It has displayed sedative effects in animal tests. Some research, however, indicates that CBD can increase alertness. It may decrease the rate of THC clearance from the body, perhaps by interfering with the metabolism of THC in the liver.
Medically, it has been shown to relieve convulsion, inflammation, anxiety, and nausea, as well as inhibit cancer cell growth. Recent studies have shown cannabidiol to be as effective as atypical antipsychotics in treating schizophrenia. Studies have also shown that it may relieve symptoms of dystonia.
A 2008 study published in the British Journal of Psychiatry showed significant differences in Oxford-Liverpool Inventory of Feelings and Experiences scores between three groups: The first consisted of non-cannabis users, the second consisted of users with ?9-THC detected, and the third consisted of users with both ?9-THC and CBD detected. The ?9-THC only group scored significantly higher for unusual experiences than the ?9-THC and CBD group, whereas the ?9-THC and CBD group had significantly lower introvertive anhedonia scores than the ?9-THC only group and non-cannabis user group. This research indicates that CBD acts as an anti-psychotic and may counteract the potential effects of THC on individuals with latent schizophrenia.
Cannabidiol is shown to decrease activity of the limbic system and to decrease social isolation induced by THC. It’s also shown that Cannabidiol reduces anxiety in social anxiety disorder.   In April 2005, Canadian authorities approved the marketing of Sativex, a mouth spray for multiple sclerosis to alleviate pain. Sativex contains tetrahydrocannabinol together with cannabidiol. It is marketed in Canada by GW Pharmaceuticals.
In 1985 a single case study suggested that CBD may be effective in the management of levodopa-induced dyskinesia in a Parkinson’s Disease patient. 
Studies have shown that CBD may reduce schizophrenic symptoms in patients, likely due to their apparent ability to stabilize disrupted or disabled NMDA receptor pathways in the brain, which are shared and sometimes contested by norepinephrine and GABA. Leweke et al. performed a double blind, 4 week, explorative controlled clinical trial to compare the effects of purified cannabidiol and the atypical antipsychotic amisulpride on improving the symptoms of schizophrenia in 42 patients with acute paranoid schizophrenia. Both treatments were associated with a significant decrease of psychotic symptoms after 2 and 4 weeks as assessed by Brief Psychiatric Rating Scale and Positive and Negative Syndrome Scale. While there was no statistical difference between the two treatment groups, cannabidiol induced significantly less side effects (extrapyramidal symptoms, increase in prolactin, weight gain) when compared to amisulpride.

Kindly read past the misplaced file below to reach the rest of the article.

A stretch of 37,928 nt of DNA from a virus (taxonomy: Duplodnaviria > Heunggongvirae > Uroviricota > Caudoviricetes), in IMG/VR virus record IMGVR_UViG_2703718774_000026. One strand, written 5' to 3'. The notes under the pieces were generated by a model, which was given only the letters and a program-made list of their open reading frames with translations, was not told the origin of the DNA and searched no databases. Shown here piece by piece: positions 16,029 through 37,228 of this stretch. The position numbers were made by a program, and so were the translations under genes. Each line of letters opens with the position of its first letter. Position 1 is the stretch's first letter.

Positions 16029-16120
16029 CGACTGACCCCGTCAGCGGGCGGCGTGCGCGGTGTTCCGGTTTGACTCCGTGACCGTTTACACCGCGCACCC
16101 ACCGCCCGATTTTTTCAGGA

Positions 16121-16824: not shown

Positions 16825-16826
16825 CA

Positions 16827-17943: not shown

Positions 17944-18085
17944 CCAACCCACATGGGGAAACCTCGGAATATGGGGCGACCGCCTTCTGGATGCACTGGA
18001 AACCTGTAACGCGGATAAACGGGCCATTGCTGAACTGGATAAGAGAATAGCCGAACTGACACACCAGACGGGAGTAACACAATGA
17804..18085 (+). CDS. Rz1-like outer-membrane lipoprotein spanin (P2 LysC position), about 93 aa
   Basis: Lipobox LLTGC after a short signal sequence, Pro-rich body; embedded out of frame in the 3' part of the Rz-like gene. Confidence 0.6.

Cannabidiol has also been shown as being effective treating an often drug-induced set of neurological movement disorders known as dystonia. In one study, five out of five participants showed noted improvement in their dystonic symptoms by 20-50%. CBD also appears to protect against ‘binge’ alcohol induced neurodegeneration.
Cannabidiol has no affinity for CB1 and CB2 receptors but acts as an indirect antagonist of cannabinoid agonists. Recently it was found to be an antagonist at the putative new cannabinoid receptor, GPR55, a GPCR expressed in the caudate nucleus and putamen. Cannabidiol has also been shown to act as a 5-HT1A receptor agonist, an action which is involved in its antidepressant, anxiolytic, and neuroprotective effects. Cannabidiol is also an allosteric modulator at the Mu and Delta opioid receptor sites.
Cannabidiol has also been shown to inhibit cancer cell growth with low potency in non-cancer cells. Although the inhibitory mechanism is not yet fully understood, Ligresti et al. suggest that “cannabidiol exerts its effects on these cells through a combination of mechanisms that include either direct or indirect activation of CB2 and TRPV1 receptors, and induction of oxidative stress, all contributing to induce apoptosis.” In November 2007, researchers at the California Pacific Medical Center reported that CBD shows promise for controlling the spread of metastatic breast cancer. In vitro CBD downregulates the activity of the gene ID1 which is responsible for tumor metastasis.
Cannabidiol is insoluble in water but soluble in organic solvents, such as pentane. At room temperature it is a colorless crystalline solid. In strongly basic medium and the presence of air it is oxidized to a quinone. Under acidic conditions it cyclizes to THC. The synthesis of cannabidiol has been accomplished by several research groups.
A Sativa have a THC/CBD ratio 20 times that of an Indica. Marijuana with relatively high ratios of CBD:THC is less likely to induce anxiety than marijuana with low CBD:THC ratios, due to CBD’s antagonist effects at the cannabidanoid receptor, compared to THC’s partial agonist effect.  The relatively large amount of CBD contained in Cannabis Indica, means, compared to a sativa, the effects are modulated significantly. Sedative and anxiolytic effects are attenuated, while alterations in space and time perception are not as perceptible as with an equal dose of a similar potency sativa.
In Canada Cannabidiol is a Schedule 2 Drug, a category that encompasses quantities of cannabis less than 30 grams, and various related synthetic derivatives and preparations. In the United States it is Schedule I. 
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